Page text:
Well, not so much “points out” as “presents strong evidence in favor of it, but doesn’t exactly spell it out for some reason”.
In the first of a series on class in America, we see the ways in which “class is still a powerful force in American life”.
But they also point out the ways it is not:
“For one thing, it is harder to read position in possessions. Factories in China and elsewhere churn out picture-taking cellphones and other luxuries that are now affordable to almost everyone. Federal deregulation has done the same for plane tickets and long-distance phone calls. Banks, more confident about measuring risk, now extend credit to low-income families, so that owning a home or driving a new car is no longer evidence that someone is middle class.
The economic changes making material goods cheaper have forced businesses to seek out new opportunities so that they now market to groups they once ignored. Cruise ships, years ago a symbol of the high life, have become the ocean-going equivalent of the Jersey Shore. BMW produces a cheaper model with the same insignia. Martha Stewart sells chenille jacquard drapery and scallop-embossed ceramic dinnerware at Kmart. ”
At the same time:
” At a time when education matters more than ever, success in school remains linked tightly to class. At a time when the country is increasingly integrated racially, the rich are isolating themselves more and more. At a time of extraordinary advances in medicine, class differences in health and lifespan are wide and appear to be widening. ”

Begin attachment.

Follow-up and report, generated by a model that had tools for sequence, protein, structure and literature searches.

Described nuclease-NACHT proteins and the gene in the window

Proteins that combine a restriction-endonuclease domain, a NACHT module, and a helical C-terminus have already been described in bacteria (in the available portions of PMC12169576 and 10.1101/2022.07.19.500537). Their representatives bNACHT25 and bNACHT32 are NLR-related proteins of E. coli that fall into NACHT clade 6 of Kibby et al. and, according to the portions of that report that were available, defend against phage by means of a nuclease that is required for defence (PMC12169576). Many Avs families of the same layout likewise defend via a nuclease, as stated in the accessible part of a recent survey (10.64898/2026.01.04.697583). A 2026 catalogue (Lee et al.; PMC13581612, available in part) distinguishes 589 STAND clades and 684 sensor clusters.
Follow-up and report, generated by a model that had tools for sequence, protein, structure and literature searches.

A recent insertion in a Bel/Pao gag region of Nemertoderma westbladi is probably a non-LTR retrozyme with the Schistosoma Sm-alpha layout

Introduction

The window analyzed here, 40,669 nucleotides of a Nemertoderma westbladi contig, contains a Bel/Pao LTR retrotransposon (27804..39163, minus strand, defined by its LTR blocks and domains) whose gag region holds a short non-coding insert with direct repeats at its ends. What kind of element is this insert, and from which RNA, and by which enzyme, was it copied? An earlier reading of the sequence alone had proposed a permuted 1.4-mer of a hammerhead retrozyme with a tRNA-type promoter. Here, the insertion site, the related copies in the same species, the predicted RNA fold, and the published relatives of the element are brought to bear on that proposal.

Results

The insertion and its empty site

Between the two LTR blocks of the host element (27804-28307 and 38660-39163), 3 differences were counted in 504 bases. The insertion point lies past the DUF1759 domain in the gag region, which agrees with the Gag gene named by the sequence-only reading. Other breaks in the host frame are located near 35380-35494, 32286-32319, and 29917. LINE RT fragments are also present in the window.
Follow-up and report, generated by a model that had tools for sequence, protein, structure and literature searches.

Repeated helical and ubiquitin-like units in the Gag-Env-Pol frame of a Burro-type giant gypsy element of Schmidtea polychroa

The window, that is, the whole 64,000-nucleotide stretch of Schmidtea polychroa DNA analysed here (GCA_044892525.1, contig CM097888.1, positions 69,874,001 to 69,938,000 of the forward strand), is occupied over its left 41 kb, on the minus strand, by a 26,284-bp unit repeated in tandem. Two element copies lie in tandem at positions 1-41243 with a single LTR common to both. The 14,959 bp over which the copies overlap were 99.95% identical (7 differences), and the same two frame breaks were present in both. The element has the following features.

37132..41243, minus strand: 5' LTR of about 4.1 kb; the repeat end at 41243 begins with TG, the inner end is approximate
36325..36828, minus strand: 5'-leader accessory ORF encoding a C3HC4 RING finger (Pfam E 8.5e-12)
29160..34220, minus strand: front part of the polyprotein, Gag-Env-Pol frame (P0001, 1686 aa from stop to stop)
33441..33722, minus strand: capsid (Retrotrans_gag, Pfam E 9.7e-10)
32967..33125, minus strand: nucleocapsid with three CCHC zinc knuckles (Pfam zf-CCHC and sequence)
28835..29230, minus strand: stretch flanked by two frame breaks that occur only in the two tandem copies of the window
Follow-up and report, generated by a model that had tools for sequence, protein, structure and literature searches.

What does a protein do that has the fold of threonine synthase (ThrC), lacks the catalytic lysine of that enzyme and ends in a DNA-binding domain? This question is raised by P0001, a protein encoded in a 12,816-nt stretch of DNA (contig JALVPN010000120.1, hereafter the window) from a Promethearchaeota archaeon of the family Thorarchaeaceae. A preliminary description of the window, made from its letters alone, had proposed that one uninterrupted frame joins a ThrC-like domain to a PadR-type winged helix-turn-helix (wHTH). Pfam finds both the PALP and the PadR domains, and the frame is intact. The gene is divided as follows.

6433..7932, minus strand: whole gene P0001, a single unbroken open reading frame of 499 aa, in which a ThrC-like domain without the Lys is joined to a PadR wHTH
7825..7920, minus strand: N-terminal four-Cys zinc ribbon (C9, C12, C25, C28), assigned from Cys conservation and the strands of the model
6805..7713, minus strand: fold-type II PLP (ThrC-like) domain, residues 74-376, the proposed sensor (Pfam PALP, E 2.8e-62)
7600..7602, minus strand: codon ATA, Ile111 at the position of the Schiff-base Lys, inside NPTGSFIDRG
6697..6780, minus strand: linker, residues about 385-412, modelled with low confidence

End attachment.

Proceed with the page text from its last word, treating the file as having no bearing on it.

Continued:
There’s a lot more of this, along with lots of back-and-forth about whether this is an outrage or just something we should live with. But the obvious question – “why are good education and health care be reserved for the rich while other things are not?” – never gets explicitly answered. While they come out and admit that Federal deregulation drove down the price of plane tickets and long-distance phone service, they never draw the obvious conclusion that massive deregulation would also reverse the stark and growing class divide in the ability to obtain quality education and healthcare.
When the “scramble to scoop up a house in the best school district, channel a child into the right preschool program or land the best medical specialist are all part of a quiet contest among social groups that the affluent and educated are winning in a rout”, that is a clear indication of what economists like to call a “shortage”. And where do persistent shortages come from? Price controls, barriers to entry, and other regulations, not from a free market. The proper counterpoint to “the need for better early-education and antipoverty programs to try and redress an imbalance in opportunities” is not “mobility remains quite high, even if it has tailed off a little”, but “the way to redress an imbalance in opportunities is to apply the same medicine that works wonders in redressing an imbalance in the availability of airline travel, cell phones, and computers – i.e., massive deregulation”.
Our friends on the left are correct that there is a serious problem, but not in their preferred solution; we need to offer a solution that actually works, instead of trying to pretend that the problem doesn’t exist in a forlorn hope of stopping them from applying their disastrously poisonous “remedy” – all that such pretense would do is destroy our credibility and drive voters to the solutions from the left as those would be the only ones on offer. And if the solutions that actually work are “politically infeasible” – well, over the long term, so is letting this class divide fester without even an attempt at a solution. As FDR proved, a bad solution is often more popular than no solution, even when it makes things worse. So even “politically infeasible” solutions are worth pushing, since if they don’t fly we’re no worse off than if we’d offered nothing at all but denials of the existence of problems that lots of people can see for themselves.